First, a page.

Greenspan's Kiss & Tell

Monday, September 17, 2007

Easy Al will keep 'em forecasts coming. Former Federal Reserve chairman Alan Greenspan will continue to rattle markets with his economic predictions. His successor Ben Bernanke won't be delighted to hear Greenspan repeatedly defending his public comments on the economy, interest rates and whatever else the former Fedhead elects worthy his suddenly very clear speech.
Otherwise today's interview on CBS (which was cut short by my cable provider in favor of elegant and silent killer whales after two thirds) informed us that Greenspan prefers, ahem, "interesting" orange wallpaper and reads - surprise surprise - economic stuff at breakfast. Rumours he negotiates a 10-page photo-strip with "Beautiful Homes" have not been confirmed yet. He still wears no logo polo shirts so sponsoring for the right sum should be no problem.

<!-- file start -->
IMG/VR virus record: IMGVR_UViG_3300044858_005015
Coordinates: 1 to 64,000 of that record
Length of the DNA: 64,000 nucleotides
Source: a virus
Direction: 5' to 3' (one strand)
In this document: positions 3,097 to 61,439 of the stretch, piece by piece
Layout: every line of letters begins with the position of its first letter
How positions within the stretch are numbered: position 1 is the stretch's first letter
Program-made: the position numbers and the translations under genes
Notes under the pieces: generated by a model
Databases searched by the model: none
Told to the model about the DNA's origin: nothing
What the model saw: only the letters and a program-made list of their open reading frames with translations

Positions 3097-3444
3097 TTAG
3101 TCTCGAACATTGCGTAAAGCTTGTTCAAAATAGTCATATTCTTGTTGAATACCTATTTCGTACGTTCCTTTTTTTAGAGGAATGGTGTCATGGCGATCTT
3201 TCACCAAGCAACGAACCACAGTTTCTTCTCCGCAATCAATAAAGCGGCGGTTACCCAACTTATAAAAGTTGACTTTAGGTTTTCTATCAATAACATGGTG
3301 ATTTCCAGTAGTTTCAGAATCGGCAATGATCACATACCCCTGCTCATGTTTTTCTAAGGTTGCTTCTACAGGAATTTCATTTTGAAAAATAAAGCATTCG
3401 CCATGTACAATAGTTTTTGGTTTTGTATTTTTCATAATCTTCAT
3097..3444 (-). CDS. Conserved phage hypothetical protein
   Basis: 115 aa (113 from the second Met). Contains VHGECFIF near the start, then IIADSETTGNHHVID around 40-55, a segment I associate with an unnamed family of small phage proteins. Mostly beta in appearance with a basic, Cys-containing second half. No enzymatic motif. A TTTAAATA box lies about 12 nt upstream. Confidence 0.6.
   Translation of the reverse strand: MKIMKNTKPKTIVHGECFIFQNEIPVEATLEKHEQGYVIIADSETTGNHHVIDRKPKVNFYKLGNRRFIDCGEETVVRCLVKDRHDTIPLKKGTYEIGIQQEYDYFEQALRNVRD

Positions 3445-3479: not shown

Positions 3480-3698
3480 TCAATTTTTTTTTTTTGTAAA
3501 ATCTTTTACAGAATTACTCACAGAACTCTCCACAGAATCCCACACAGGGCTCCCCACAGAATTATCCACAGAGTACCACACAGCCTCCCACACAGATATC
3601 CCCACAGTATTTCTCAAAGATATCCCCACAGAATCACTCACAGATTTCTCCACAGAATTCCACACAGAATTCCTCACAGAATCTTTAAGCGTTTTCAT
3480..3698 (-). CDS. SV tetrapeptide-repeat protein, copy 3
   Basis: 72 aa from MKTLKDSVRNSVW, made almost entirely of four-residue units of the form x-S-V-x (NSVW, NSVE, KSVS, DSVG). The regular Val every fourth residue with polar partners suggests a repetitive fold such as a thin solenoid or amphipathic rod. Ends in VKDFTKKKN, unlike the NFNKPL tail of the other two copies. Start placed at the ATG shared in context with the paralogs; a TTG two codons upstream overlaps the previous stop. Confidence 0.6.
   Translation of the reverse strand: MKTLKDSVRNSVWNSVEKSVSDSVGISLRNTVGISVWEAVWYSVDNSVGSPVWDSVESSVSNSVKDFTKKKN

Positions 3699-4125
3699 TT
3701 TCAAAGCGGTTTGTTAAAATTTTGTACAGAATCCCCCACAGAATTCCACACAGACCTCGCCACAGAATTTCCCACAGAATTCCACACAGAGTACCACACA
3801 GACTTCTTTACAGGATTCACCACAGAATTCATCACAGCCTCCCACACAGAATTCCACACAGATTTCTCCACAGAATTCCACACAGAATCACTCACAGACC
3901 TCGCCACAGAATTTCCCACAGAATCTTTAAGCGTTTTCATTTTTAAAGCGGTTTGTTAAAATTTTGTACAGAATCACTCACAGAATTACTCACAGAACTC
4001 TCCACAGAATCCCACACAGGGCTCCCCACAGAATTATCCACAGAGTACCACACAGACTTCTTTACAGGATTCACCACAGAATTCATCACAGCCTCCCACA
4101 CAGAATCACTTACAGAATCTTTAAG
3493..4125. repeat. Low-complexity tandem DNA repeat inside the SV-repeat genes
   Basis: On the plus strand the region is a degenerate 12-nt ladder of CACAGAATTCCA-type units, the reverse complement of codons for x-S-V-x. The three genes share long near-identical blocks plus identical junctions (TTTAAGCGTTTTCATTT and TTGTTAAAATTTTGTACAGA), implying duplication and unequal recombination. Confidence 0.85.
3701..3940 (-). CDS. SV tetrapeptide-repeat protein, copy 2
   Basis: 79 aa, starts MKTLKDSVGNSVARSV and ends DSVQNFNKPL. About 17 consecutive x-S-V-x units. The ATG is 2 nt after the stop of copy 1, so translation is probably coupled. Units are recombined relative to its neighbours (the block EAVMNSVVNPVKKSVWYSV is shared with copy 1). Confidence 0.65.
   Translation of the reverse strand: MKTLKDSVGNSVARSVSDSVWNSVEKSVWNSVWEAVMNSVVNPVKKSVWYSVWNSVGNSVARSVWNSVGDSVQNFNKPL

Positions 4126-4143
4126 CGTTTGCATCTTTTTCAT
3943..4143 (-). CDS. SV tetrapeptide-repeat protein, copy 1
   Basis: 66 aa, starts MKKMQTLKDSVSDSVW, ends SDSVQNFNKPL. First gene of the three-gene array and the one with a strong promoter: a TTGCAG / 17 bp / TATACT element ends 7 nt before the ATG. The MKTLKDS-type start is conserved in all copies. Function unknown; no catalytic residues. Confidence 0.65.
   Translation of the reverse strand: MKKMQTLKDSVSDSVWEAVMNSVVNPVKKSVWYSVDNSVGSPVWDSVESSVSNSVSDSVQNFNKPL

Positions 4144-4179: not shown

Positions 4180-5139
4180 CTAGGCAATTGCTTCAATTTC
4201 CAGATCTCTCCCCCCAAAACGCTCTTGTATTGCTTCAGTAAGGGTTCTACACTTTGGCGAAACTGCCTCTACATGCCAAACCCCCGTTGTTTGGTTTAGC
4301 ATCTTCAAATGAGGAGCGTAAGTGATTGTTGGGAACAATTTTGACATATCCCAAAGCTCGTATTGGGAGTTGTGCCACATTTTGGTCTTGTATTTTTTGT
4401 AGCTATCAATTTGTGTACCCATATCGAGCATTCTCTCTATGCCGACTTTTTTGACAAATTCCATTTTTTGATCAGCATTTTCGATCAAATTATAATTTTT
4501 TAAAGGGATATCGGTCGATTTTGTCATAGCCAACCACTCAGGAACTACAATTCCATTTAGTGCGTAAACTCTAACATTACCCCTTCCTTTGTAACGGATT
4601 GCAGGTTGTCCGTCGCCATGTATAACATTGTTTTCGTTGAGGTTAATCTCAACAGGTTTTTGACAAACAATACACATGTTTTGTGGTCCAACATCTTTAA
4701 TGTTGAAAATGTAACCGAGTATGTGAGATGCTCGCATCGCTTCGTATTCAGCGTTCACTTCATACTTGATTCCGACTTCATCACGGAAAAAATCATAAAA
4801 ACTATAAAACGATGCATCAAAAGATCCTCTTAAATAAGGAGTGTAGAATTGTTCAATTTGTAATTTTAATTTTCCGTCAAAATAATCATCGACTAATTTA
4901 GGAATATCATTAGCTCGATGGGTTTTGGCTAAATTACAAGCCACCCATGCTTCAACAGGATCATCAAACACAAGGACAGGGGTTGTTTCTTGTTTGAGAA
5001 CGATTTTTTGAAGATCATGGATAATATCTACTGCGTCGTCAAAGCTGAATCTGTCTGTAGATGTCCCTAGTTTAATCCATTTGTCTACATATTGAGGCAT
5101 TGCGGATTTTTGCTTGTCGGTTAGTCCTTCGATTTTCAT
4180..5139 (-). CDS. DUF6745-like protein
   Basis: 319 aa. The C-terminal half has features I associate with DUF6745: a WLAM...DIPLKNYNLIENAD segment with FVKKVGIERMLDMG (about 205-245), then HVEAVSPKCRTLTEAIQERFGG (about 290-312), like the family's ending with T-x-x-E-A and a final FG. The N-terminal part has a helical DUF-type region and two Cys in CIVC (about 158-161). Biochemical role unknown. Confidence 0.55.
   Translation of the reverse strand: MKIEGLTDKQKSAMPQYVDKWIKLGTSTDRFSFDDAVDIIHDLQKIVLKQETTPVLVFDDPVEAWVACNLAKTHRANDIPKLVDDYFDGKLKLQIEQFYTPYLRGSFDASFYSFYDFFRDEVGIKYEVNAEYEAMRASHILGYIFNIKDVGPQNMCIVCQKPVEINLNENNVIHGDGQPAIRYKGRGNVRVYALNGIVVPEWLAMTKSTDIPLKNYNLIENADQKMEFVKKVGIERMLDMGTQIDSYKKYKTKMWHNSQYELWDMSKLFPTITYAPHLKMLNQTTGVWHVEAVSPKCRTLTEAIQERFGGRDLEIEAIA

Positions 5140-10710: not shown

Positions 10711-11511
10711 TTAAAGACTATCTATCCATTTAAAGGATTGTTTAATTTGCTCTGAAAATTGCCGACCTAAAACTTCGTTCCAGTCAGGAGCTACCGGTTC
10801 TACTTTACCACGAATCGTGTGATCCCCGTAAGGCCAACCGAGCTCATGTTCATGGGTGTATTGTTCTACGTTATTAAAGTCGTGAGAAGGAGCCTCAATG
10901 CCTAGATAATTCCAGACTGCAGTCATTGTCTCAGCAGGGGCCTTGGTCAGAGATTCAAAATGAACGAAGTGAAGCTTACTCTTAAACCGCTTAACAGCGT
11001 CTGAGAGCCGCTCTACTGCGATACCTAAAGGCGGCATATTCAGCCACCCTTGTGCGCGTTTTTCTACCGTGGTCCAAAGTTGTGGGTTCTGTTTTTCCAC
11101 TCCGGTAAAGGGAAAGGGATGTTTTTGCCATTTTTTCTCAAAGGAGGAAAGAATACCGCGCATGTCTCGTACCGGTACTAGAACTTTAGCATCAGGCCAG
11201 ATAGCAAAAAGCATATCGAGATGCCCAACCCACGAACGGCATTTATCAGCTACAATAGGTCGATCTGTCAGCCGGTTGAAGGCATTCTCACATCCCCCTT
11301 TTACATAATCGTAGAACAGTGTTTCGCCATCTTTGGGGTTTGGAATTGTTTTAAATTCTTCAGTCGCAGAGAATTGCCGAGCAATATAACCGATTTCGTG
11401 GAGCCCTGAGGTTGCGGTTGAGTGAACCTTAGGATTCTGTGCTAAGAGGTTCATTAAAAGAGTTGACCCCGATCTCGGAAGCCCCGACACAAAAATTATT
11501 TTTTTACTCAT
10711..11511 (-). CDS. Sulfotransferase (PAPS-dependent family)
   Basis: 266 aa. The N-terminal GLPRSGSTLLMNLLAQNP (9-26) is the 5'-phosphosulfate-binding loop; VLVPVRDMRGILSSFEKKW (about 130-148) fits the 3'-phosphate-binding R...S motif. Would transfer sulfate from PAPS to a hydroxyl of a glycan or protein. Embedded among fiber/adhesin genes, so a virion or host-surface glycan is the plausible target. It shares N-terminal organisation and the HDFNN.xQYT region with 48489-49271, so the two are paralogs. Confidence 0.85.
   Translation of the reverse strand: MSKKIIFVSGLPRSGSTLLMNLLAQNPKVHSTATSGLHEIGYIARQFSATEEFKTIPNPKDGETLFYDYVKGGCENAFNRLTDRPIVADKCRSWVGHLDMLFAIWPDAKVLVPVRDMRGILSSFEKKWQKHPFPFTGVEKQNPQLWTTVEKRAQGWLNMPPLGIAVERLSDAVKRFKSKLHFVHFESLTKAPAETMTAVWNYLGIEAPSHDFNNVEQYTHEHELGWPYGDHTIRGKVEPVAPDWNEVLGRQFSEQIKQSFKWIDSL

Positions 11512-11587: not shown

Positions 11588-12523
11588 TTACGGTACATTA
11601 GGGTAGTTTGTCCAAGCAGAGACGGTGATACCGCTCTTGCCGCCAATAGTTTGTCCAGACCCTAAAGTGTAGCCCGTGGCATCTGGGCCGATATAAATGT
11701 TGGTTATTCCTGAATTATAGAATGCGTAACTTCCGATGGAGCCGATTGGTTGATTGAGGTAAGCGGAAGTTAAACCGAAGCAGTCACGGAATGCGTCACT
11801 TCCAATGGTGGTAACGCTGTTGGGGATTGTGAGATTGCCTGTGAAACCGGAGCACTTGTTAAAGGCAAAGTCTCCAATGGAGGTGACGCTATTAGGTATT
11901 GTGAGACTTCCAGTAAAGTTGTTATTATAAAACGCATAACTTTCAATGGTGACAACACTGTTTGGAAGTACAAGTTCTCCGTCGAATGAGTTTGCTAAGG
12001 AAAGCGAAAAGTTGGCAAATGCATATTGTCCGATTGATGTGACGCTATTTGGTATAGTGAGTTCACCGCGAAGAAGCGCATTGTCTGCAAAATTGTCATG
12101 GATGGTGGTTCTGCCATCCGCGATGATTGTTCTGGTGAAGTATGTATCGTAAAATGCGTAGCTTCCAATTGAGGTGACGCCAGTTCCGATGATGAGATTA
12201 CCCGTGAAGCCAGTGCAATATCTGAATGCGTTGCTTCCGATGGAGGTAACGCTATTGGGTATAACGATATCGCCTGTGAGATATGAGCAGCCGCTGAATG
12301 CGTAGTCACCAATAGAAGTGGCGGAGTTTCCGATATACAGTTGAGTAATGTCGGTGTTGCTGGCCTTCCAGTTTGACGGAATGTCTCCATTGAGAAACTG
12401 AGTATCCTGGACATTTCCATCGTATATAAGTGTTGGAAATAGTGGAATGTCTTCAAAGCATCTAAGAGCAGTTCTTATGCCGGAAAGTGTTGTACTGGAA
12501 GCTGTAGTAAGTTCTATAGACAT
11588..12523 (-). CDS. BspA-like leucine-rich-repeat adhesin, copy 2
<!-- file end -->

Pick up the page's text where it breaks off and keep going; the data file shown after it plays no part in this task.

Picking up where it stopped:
Relaxed to the max Mr. Greenspan's economic services firm is prepared to bring paying clients such economic wisdom as there will be severe 2-digit declines in house prices. Draw no wrong conclusions though. Greenspan argues in his book due on Monday that this is not the catastrophic result of his low interest rate policy in the Fed but that house prices are somehow connected to former communist workers in Europe becoming capitalists. Great, many of them have a mortgage now too. If that was meant by freedom?
On TV he stubbornly defended his position to keep his loudspeaker on. His predecessor at the Fed, Paul Volcker has been adhering to a "no comment" standard on rate issues since he retired.
Greenspan promised he will be different and is seemingly oblivious to the fact that he captained the period of the fastest and deepest rate cuts in history.
In his book he will tell us that the Fed could not regulate the banks who lowered loan standards close to Ninjas (no income no job or assets.)
Has he lost it? The Fed is by law the banking supervisory body and it was also during his tenure that the Glass-Stegall act was repealed.
Mr. Greenspan has had his weaknesses in forecasting economic events. We now know he sees a recession coming. Retire in peace.


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